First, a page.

Through Maharashtra: Mumbai, a marathon & some mountains
Gone are the cool winds that accompanied each of the European marathons I ran last year, replaced by a dense and unmoving invisible wall, thick with fumes of early morning traffic, lingering heat that the night was unable to wish away, and the impenetrable humidity of central Bombay. Its 5.30am, I'm staring down a crowd already thousands strong, already drenched in sweat, and (somewhat) ready to take a running tour of downtown Mumbai.
Well, let’s be frank. This race was horrendous. But there was some good to come out of the experience.
In my previous posts I have largely avoided talking about any negative aspects of this trip. To be honest, they have been few and far between, and almost always outweighed by hugely positive experiences. But while I will be waxing lyrical about some mountains in just a few short paragraphs time, I have to confess that the Mumbai marathon was, on the whole, miserable. (Content warning for the next paragraph...)
I woke at 3 am on race day with some immediate issues. Colloquially known as “Montezuma's revenge”, or more aptly “Delhi belly”, or just simply “the shits” - my early morning visitor was most unwelcome.
I managed to force feed myself a banana around 4 am before taking a nervous Uber ride through what I anticipated being a calm and quiet city. As it turns out Mumbai at 4 am is utterly booming. Not the 'streets of Leeds at 4 am' kind of booming, but still as chaotic. Less fist fights and discarded McDonald's wrappers and more market traders setting up stalls, and lorries unloading tonnes of fresh fruit and veg. Seeing a mile of road lined with bundles of coriander was eye-opening, even more so than a mile of road lined with taxis awaiting post-maccy-Ds late night revelers (I do miss Leeds!).
I mentioned in my post about Delhi a 'huge machine' that seemingly grinds away in the background, making everything work behind the scenes, with hundreds of cogs slotting together to make things happen relatively on time, such as stocking up hundreds of street food stalls. Mumbai in the early hours was a good sign of this - and my initial displeasure at the early start was eased by bearing witness to this small link in the supply chain.
Clearly, not everything is this efficient, and as I walked through the marathon’s starting area I passed a large sign reading “Tata Mumbai Marathon” that was still being nailed to the ground and painted at 5.00am, just half an hour before the race start. I wondered whether it was a methaphor for my own pre-race preparations that I hadn't quite 'nailed down'. I thought this again as I spent the final 10 minutes before the start staring at the inside of a portaloo.
We started running at 5.30am, and some 5 or 6 hours later I crossed the line with the above expression of utter relief and exhaustion (see the first photo). It had been a bit of a blur, punctuated by numerous breaks for water, the odd wet sponging, several applications of ice packs to thighs, occasional conversations with similarly paced runners and lots of grimacing. Sadly the much-advertised in-race 'showers' were only able to breathe a light mist into the air above - tantalising, but ever so unsatisfactory.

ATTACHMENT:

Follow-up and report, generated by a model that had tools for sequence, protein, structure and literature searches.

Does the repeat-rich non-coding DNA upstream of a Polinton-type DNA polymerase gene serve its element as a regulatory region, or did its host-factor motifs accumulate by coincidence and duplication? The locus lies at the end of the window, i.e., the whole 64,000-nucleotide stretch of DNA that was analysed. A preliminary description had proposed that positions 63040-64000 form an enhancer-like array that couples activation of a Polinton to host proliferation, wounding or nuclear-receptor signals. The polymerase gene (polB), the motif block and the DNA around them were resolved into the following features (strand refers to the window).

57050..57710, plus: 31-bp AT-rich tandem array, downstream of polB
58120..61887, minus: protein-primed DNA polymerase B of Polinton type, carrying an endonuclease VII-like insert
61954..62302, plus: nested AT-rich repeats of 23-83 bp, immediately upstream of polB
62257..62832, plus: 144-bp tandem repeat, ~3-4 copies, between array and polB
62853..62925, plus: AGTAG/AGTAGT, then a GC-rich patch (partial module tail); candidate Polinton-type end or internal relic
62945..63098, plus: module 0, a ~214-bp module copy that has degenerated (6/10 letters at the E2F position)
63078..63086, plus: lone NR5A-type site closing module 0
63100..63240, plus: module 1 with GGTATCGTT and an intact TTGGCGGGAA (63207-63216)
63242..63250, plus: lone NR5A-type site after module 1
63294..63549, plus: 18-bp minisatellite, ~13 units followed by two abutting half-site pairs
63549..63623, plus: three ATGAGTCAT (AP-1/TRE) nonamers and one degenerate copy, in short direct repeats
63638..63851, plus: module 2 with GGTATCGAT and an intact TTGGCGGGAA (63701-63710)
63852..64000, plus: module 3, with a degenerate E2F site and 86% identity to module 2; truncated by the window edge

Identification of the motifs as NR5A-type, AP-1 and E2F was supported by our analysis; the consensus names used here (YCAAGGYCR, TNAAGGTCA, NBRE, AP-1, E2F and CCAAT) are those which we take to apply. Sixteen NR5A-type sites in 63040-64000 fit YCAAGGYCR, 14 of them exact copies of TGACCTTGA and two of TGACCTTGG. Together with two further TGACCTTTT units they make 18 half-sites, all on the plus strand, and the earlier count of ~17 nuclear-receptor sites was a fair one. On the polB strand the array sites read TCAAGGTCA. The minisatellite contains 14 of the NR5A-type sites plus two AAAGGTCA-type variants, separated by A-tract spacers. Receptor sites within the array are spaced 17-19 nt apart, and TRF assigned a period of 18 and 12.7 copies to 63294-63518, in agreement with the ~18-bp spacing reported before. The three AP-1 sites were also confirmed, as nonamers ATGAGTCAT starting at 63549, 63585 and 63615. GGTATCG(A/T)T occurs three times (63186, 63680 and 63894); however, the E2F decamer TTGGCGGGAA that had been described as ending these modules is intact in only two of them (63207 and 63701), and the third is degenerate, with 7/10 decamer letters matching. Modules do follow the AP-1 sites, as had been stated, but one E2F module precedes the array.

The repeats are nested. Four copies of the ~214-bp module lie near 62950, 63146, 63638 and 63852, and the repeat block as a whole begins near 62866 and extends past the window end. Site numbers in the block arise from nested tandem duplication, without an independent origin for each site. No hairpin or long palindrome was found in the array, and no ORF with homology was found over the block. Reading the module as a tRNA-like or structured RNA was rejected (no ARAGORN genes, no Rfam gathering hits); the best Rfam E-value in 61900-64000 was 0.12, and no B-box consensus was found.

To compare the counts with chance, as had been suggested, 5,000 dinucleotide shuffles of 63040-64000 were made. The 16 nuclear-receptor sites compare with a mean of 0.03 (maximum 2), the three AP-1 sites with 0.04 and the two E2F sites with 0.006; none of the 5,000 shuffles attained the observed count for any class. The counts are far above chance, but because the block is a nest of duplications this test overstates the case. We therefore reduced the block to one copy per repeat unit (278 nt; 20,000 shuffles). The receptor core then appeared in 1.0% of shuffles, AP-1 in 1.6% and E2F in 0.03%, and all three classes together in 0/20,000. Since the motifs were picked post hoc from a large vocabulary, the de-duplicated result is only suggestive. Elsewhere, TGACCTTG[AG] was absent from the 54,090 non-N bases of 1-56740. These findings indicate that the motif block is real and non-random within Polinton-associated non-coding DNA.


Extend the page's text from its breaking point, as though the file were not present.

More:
Amidst the blur, my standout memory was a brief 6km respite from relentless mugginess as we passed over the Worli sea link bridge (below). I felt the cool breeze for a delightful half-hour and dreamt of simply jumping off the bridge for a swim in the cold, still water below. That would have to wait, I still had half a marathon of misery to stumble through.
I would eventually find an ocean in which to jump, but it would have to wait a couple more weeks. From Mumbai I worked my way inland again for a few hundred miles before pointing my bike towards the coast and the state of Goa - 'the paradise state' as one Mumbai local described it to me. That's for my next post.
And that second half would also have to wait a little while, much to the annoyance of that slim part of me that still wanted to get a good time! Because, sadly, taking a mid-race toilet break for 25 minutes is a sure fire way to lose out on your target time, also your dignity and a fair amount of spatial awareness. I exited the streetside portaloo to a large crowd of supporters and for a minute thought they had all been waiting for me to emerge. I really hope they understood my suffering at that point.
I drank my weight in water, partly to stave off the effects of the steadily increasing heat, and the additional dehydrating effects of the aforementioned 'issues'. There was no appetite to be found before, during or immediately after the race, and I ran the entire race off the back of one banana and some reserves I must have built up through consuming copious amounts of rice and naan bread in the preceding weeks. It is quite remarkable what you can put your body through, while it takes a bit of extra mental energy to make the physical side of things keep going.